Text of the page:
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Store Manager Incentive Design and Retail Performance: An Exploratory Investigation


  • Nicole DeHoratius

    () (Graduate School of Business, University of Chicago, 5807 South Woodlawn Avenue, Chicago, Illinois 60637)

  • Ananth Raman

    () (Harvard Business School, Morgan Hall, Soldiers Field, Boston, Massachusetts 02163)


Store managers perform multiple tasks within a store, and the way in which they are evaluated and rewarded for these tasks affects their behavior. Using empirical data from multiple stores of a consumer electronics retailer, Tweeter Home Entertainment Group, we highlight the extent to which store manager incentive design impacts store manager behavior and, consequently, retail performance. More specifically, we describe the shift in store manager behavior resulting from a change in incentives, which, in part, altered the importance of sales relative to inventory shrinkage in the store manager compensation plan. Store managers, following this change, directed less attention to the prevention of inventory shrinkage and more toward sales-generating activities and made different process choices within the store. We observed increases in the level of inventory shrinkage and sales within these stores. Controlling for alternative drivers of sales and inventory shrinkage, we find this change in incentive design to be associated with a profit improvement of 4.2% of sales. This work indicates that altering how store managers are compensated impacts retail performance. Moreover, our findings underscore the importance of balancing the rewards given for different types of activities in contexts where agents face multiple competing tasks.

Suggested Citation

  • Nicole DeHoratius & Ananth Raman, 2007. "Store Manager Incentive Design and Retail Performance: An Exploratory Investigation," Manufacturing & Service Operations Management, INFORMS, vol. 9(4), pages 518-534, April.
  • Handle: RePEc:inm:ormsom:v:9:y:2007:i:4:p:518-534

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    References listed on IDEAS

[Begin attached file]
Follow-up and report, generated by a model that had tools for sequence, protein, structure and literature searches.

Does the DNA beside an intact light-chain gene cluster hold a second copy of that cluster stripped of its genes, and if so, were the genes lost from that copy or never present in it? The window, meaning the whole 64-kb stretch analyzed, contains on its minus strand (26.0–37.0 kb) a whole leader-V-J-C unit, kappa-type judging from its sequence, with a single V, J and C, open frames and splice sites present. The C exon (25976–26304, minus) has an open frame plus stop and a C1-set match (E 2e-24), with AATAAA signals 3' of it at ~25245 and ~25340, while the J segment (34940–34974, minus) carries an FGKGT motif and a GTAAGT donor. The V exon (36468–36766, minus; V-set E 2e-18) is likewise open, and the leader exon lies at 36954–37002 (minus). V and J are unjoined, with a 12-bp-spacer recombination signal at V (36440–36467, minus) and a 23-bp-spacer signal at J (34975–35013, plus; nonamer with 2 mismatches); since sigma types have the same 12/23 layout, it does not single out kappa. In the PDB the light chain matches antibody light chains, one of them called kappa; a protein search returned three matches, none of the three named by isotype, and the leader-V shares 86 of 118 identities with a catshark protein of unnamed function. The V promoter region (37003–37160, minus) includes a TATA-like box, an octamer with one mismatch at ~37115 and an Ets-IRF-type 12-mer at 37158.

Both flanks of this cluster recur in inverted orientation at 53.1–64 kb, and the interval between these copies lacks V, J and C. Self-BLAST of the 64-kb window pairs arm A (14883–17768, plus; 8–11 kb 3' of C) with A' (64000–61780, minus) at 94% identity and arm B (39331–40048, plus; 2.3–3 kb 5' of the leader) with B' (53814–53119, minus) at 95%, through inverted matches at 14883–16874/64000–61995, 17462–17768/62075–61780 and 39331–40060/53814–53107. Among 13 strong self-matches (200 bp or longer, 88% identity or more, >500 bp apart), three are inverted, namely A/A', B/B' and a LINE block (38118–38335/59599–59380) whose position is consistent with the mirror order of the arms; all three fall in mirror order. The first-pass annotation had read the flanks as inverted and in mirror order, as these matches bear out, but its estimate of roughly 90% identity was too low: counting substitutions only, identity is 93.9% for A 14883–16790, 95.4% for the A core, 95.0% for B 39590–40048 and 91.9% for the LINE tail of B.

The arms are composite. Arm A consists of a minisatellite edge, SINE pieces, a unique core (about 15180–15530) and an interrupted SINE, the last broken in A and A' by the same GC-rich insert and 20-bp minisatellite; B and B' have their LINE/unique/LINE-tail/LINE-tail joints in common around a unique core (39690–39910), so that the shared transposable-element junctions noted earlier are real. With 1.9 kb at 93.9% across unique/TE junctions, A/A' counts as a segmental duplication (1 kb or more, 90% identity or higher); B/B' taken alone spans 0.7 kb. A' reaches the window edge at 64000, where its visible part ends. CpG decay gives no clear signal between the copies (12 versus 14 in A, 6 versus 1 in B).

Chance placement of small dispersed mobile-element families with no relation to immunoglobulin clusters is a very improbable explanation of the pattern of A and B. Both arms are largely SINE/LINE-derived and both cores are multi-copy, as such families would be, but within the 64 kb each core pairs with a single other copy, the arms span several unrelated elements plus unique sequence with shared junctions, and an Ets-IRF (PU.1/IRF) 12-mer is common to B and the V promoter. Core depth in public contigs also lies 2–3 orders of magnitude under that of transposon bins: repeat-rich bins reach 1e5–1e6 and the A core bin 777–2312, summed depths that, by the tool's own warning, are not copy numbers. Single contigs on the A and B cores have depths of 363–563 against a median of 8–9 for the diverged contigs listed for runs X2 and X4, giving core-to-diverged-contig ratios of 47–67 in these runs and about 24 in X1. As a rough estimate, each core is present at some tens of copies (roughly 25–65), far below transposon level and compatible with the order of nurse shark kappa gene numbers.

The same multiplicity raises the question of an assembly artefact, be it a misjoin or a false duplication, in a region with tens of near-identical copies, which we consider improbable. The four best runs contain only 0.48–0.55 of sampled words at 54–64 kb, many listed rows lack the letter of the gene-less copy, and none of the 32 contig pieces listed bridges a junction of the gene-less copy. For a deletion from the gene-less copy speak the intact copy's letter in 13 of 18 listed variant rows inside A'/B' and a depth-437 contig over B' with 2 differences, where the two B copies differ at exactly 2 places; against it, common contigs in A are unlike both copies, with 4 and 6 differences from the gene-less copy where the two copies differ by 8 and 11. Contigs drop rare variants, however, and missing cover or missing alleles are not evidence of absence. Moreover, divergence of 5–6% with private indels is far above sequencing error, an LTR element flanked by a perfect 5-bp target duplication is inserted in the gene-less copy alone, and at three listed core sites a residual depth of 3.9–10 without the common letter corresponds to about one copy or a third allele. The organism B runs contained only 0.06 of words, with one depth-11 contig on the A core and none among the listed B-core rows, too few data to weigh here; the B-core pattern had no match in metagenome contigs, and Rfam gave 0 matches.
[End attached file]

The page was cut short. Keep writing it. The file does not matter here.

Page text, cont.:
1. Canice Prendergast, 1999. "The Provision of Incentives in Firms," Journal of Economic Literature, American Economic Association, vol. 37(1), pages 7-63, March.
    2. Holmstrom, Bengt & Milgrom, Paul, 1991. "Multitask Principal-Agent Analyses: Incentive Contracts, Asset Ownership, and Job Design," Journal of Law, Economics, and Organization, Oxford University Press, vol. 7(0), pages 24-52, Special I.
    3. Slade, Margaret E, 1996. "Multitask Agency and Contract Choice: An Empirical Exploration," International Economic Review, Department of Economics, University of Pennsylvania and Osaka University Institute of Social and Economic Research Association, vol. 37(2), pages 465-486, May.
    4. Edward P. Lazear, 2000. "Performance Pay and Productivity," American Economic Review, American Economic Association, vol. 90(5), pages 1346-1361, December.
    5. Kathleen M. Eisenhardt, 1985. "Control: Organizational and Economic Approaches," Management Science, INFORMS, vol. 31(2), pages 134-149, February.
    6. repec:bla:joares:v:33:y:1995:i::p:101-128 is not listed on IDEAS
    7. Knez, Marc & Simester, Duncan, 2001. "Firm-Wide Incentives and Mutual Monitoring at Continental Airlines," Journal of Labor Economics, University of Chicago Press, vol. 19(4), pages 743-772, October.
    8. Alan L. Montgomery, 1997. "Creating Micro-Marketing Pricing Strategies Using Supermarket Scanner Data," Marketing Science, INFORMS, pages 315-337.
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    Cited by:

    1. Nicole DeHoratius & Ananth Raman, 2008. "Inventory Record Inaccuracy: An Empirical Analysis," Management Science, INFORMS, vol. 54(4), pages 627-641, April.
    2. Karel H. van Donselaar & Vishal Gaur & Tom van Woensel & Rob A. C. M. Broekmeulen & Jan C. Fransoo, 2010. "Ordering Behavior in Retail Stores and Implications for Automated Replenishment," Management Science, INFORMS, vol. 56(5), pages 766-784, May.
    3. Marshall Fisher, 2007. "Strengthening the Empirical Base of Operations Management," Manufacturing & Service Operations Management, INFORMS, vol. 9(4), pages 368-382, December.


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